John began to sweep again and Kat walked to the bus stop, her notebooks and textbooks heavy in her bag.
Nicola stopped coming up the stair. Pamela saw her from time to time with a snakeskin handbag. She changed her hair colour then kept it blonde.
New friends took tablets out of their pockets and chased them down with Irn-Bru or Buckfast. It was easy not to leave Red Road. Sofas in high houses were comfortable.
‘I’ve never done a Ouija board,’ Pamela said.
The new friend, Sarah, cleared stuff off the wee table and
Pamela watched her take things out of a shoebox.
‘We done it ourselves,’ Sarah said and the other new friend sat on a cushion and crossed her legs.
‘Close the curtains.’
Pamela went to pull the curtains across the shitty day and kicked the leg of a man lying in the corner, his body half in shadow.
‘Oh my God!’ she said. ‘Who’s he?’
‘My ex, Liam,’ Sarah said. ‘He comes here to sleep.’
‘I thought he was dead.’
The man rolled onto his side and pulled a blanket over his shoulder. ‘I’m still alive, honey,’ he said. ‘Five minutes more.’
Pamela saw his sleeping feet sticking out of the blanket, a toenail showing through a hole in his sock.
‘We’re ready,’ Sarah said.
The Ouija board was well used. Sarah put a glass in the middle and the girls held hands.
‘Will we try and get the wee boy again?’ the other new friend said. ‘Close your eyes.’
The room was quiet. Pamela heard a slow breath from the man in the corner and then nothing. The fridge buzzed.
‘Darren, are you there today?’
Pamela opened her eyes and saw the girls with their eyes shut tight. The other new friend, Kirsty, swayed. Her shut eyes twitched hard.
‘Darren, are you with us?’
‘Right, well you’re obviously playing with your wee pals today,’ Sarah said. ‘Who else shall we do?’
They looked at Pamela. Pamela shrugged.
‘My granny,’ Kirsty said.
‘We always do your granny and she always says your granda’s a cunt.’
Sarah tapped the glass against the board. Pamela kept quiet but she thought loads. She thought about her da up there.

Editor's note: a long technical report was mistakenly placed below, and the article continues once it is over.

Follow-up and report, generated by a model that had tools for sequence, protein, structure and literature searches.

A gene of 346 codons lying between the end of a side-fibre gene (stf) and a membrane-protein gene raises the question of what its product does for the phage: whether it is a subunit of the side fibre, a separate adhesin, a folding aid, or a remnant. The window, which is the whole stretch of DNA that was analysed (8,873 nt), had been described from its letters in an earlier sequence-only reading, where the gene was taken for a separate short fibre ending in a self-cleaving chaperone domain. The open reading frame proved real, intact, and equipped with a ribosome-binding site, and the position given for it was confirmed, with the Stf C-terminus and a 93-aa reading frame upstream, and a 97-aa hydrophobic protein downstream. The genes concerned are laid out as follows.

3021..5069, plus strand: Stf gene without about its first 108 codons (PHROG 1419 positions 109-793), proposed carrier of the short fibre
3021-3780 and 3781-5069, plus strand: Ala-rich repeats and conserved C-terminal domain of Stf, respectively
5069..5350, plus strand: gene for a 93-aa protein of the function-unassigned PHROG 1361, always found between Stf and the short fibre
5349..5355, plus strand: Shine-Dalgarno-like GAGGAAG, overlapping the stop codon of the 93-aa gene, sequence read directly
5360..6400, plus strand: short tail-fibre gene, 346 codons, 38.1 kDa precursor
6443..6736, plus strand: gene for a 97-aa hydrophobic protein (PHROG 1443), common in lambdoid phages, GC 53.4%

‘Right, will we do my uncle Tam then?’ Sarah said and the girls were quiet again. The man in the corner rolled over and yawned.
‘Shoosh,’ said Sarah.
Pamela closed her eyes and thought of her da. She could no longer see him in her head but she heard his voice and followed the sound of his voice. It was taking her somewhere.
‘Fucking Christ!’ Sarah shouted. ‘She’s took a fit.’
Kirsty was shaking, her eyes rolled back into her head, spit coming from her mouth. Great shudders in her body, her knees coming up and knocking the table, Pamela not knowing which way she was going to fall.
‘Lie her down,’ the man in the corner said. He was up, in his socks and boxers and T-shirt, pulling her, sliding her legs along the floor from under the wee table.
‘She’s got a spirit in her,’ Sarah said. ‘Oh my fucking God, she’s taken on a spirit.’
And Pamela thought of her dad.
‘Get a spoon!’
Someone was shouting. It was the man. To her.
‘You, get a spoon from the kitchen.’
Pamela ran and her legs were sick with fear. Her dad. Her dad. Her dad.
The man lay the shaking girl on her back and put the spoon in her mouth.
‘Get back,’ he said and knelt at her head, putting his palms on her forehead and cheeks as she thrashed about.
‘Get the spirit out,’ Sarah said and she was crying and screaming and shaking herself.
‘It’s not a spirit,’ the man said. ‘Somebody get an ambulance.’
Sarah phoned downstairs and the concierge said he’d send for an ambulance and the three of them waited while Kirsty fitted and sweated on the floor.
‘Vodka, Ponstan, Temgesics and hash,’ Sarah told the ambulance woman when asked what Kirsty had taken.
They’d done something else as well, Sarah wasn’t telling. Pamela didn’t even know what it was but had put it in her mouth and swallowed it with her vodka. She pressed her back against the wall and watched the procession out of the house; Sarah first, to open the doors, the ambulance woman at the head of the stretcher, Kirsty flat out with the drip in her, the other ambulance man at the back and the man in the corner last, carrying her bag and cardigan. She stayed pressed against the wall as they closed the door, imagining her da, as crazy as ever, wondering about the spirit world.